12 20. guest FEATURE 21. CYCLE CLAPTON TO COLUMBIA ROAD by Bill Biss stay IN TOUCH Make the most of East London, with a network of train lines just a short walk away Roadie, fixie or city cruiser? Whatever your wheels, you ll find something of interest on these two rides I ve picked out linking the independent hubs of Clapton and Columbia Road. You ll encounter cyclists aplenty heading in the same southerly direction but don t get lulled into a sprint, there s plenty to see here. Pubs such as the Haggerston and album launch party specialists like Power Lunches line the route as you head for the bridge crossing Regent s Canal. HOXTON BETHNAL GREEN CAMBRIDGE HEATH TOUR 1 The scenic one The Clapton Hart is always my Grand Départ. Part of the Antic empire, the pub has great food, weird beers and, importantly, picnic tables out front ideal for bikes and those who fancy standing around looking at them. Take it up a level with Hub Vélo cycles, next door. Reliable mechanics will tweak, grease and check over your trusty boneshaker whilst you ll find me marvelling at the wonderful French design of the Look branded road bikes in the showroom. Once kitted out, I like to freewheel down Lower Clapton Road perhaps sneaking a peek at what s on at Hayden Wylds. A coffee shop that sells records, they also host top secret acoustic gigs. I ve not got lucky, but you might. Leaving the road route behind, I pretend cyclo-cross through Hackney Downs for something quite different. The park is home of the UK Bike Polo scene, a mixture of bike handling skills, polo and ice hockey style rough and tumble it s intoxicating to watch. Still feeling spritely? You could divert further off-piste for triathlon training at London Fields Lido but that s a bit extreme for a run of the mill domestique like me, so I stick to the sights of Mare Street before turning right to visit Netil House. This artspace is a renowned hang out for the creatives who ve made this part of East London their home. All that s left is a Haggerston Park criterium and you re there, Columbia Road. Lock up your bike and take a wander around the flower market, boutiques and bars. TOUR 2 The direct one I treat this route like the gentle roll south that it is, but not before heading west for a quick spin across Hackney Downs. Here, tucked away off Amhurst Road is The Russet, a great alternative coffee stop before or after a club run. Stretch your legs out front or hide away in the secret garden where you ll find the quails that supply the eggs for your breakfast. It s always worth checking the listings at The Shacklewell Arms, or Birthdays, once you ve joined the bustling Kingsland Road. The former is uncommon amongst music venues you can see a soon-to-break band, plus it s a real pub with decent ale and football on the telly. Bank left to circuit Haggerston Park and you ll have a clean run through to the delights of Columbia Road once more. SHACKLEWELL ARMS BIRTHDAYS VOODOO RAY S THE HAGGERSTON HAGGERSTON PARK THE RUSSET HACKNEY DOWNS CLAPTON CLAPTON HART LONDON FIELDS HUB VELO HAYDEN WYLDS LONDON FIELDS LIDO NETIL HOUSE HOXTON 9 MINS CAMBRIDGE HEATH 9 MINS BETHNAL GREEN 16 MINS HAGGERSTON 16 MINS SHOREDITCH HIGH STREET 3 MINS DALSTON JUNCTION 4 MINS WHITECHAPEL 5 MINS HIGHBURY & ISLINGTON 10 MINS CAMDEN ROAD 21 MINS BANK 5 MINS TOTTENHAM COURT ROAD 11 MINS OXFORD CIRCUS 13 MINS NOTTING HILL GATE 21 MINS LONDON FIELDS 2 MINS BETHNAL GREEN 2 MINS HACKNEY DOWNS 4 MINS LIVERPOOL STREET 7 MINS STOKE NEWINGTON 8 MINS Now in the heart of Dalston, I like to load up my musette with a slice of pizza from Voodoo Rays, maybe sticking a can of craft lager in my back pocket for later. COLUMBIA ROAD All walking times are from Mettle&Poise. Travel times are sourced from tfl.gov.uk and walking times sourced from maps.google.com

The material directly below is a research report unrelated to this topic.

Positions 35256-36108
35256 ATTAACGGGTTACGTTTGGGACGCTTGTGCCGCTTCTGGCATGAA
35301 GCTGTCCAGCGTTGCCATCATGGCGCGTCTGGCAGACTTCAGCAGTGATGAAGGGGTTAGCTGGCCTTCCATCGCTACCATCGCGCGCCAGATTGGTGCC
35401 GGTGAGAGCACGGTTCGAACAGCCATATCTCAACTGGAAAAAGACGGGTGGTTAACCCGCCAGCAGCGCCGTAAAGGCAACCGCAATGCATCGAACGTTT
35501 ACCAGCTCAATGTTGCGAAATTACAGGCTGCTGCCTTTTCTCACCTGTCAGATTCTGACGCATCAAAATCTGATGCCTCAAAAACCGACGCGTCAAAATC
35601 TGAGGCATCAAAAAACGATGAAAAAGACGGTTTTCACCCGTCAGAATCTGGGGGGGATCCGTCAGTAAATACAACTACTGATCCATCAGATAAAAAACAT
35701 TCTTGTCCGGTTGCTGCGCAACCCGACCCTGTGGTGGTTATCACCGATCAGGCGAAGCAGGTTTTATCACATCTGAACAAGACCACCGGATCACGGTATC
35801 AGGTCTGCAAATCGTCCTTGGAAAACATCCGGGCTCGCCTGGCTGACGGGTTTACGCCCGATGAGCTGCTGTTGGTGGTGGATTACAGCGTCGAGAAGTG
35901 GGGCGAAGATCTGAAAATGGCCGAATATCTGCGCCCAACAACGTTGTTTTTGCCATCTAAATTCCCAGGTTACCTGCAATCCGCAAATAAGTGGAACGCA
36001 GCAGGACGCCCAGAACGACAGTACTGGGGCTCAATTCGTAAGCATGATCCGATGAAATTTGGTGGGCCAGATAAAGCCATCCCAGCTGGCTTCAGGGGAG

13 DALSTON KINGSLAND 23. HIGHBURY & ISLINGTON HACKNEY CENTRAL HOMERTON UPPER STREET ANGEL UNION CHAPEL OTTOLENGHI THE DINER ESSEX ROAD THE OLD QUEENS HEAD ESSEX ROAD SHOREDITCH PARK TOWPATH Cycle this way to Islington WHITE LYAN KINGSLAND ROAD KINGSLAND ROAD DEAD DOLLS CLUB HOXTON DALSTON JUNCTION DALSTON DEPARTMENT STORE THE FOX CRAFT BEER HOUSE HAGGERSTON VISIONS VIDEO BAR SAGER & WILDE THE DALSTON VICTORIA FARM:SHOP HAGGERSTON PARK HACKNEY CITY FARM PRINCE GEORGE OFF BROADWAY SEBRIGHT ARMS LIDO LONDON FIELDS BROADWAY MARKET THE CAT & MUTTON STRUT HACKNEY ROAD CAMBRIDGE HEATH HACKNEY EMPIRE LONDON FIELDS NETIL HOUSE STREET MARE HACKNEY PICTUREHOUSE Cycle this way to the Olympic Park TOWN HALL HOTEL VICTORIA PARK WELL STREET COMMON BOTTLE APOSTLE MR BUCKLEYS FARRINGDON GOSWELL ROAD CITY ROAD GOODHOOD LIFE STORE CATCH JAGUAR SHOES COLUMBIA ROAD FLOWER MARKET BETHNAL GREEN WORKING MEN S CLUB MEATH GREEN BARBICAN OLD STREET SHOREDITCH GRIND BARBICAN CENTRE OLD STREET CITY ROAD GREAT EASTERN STREET BOOK CLUB CARGO SHOREDITCH HOUSE SPITALFIELDS MARKET BOXPARK SHOREDITCH HIGH STREET RICH MIX BRICK LANE BETHNAL GREEN ROAD BEIGEL BAKE THE PRIDE OF SPITALFIELDS WEAVERS FIELDS WHITECHAPEL BETHNAL GREEN BETHNAL GREEN CAMBRIDGE HEATH ROAD BETHNAL GREEN GARDENS N WHITECHAPEL ROAD DRINKING EATING MILE END HOSPITAL QUEEN MARY UNIVERSITY OF LONDON GOING OUT CINEMA SHOPPING CULTURE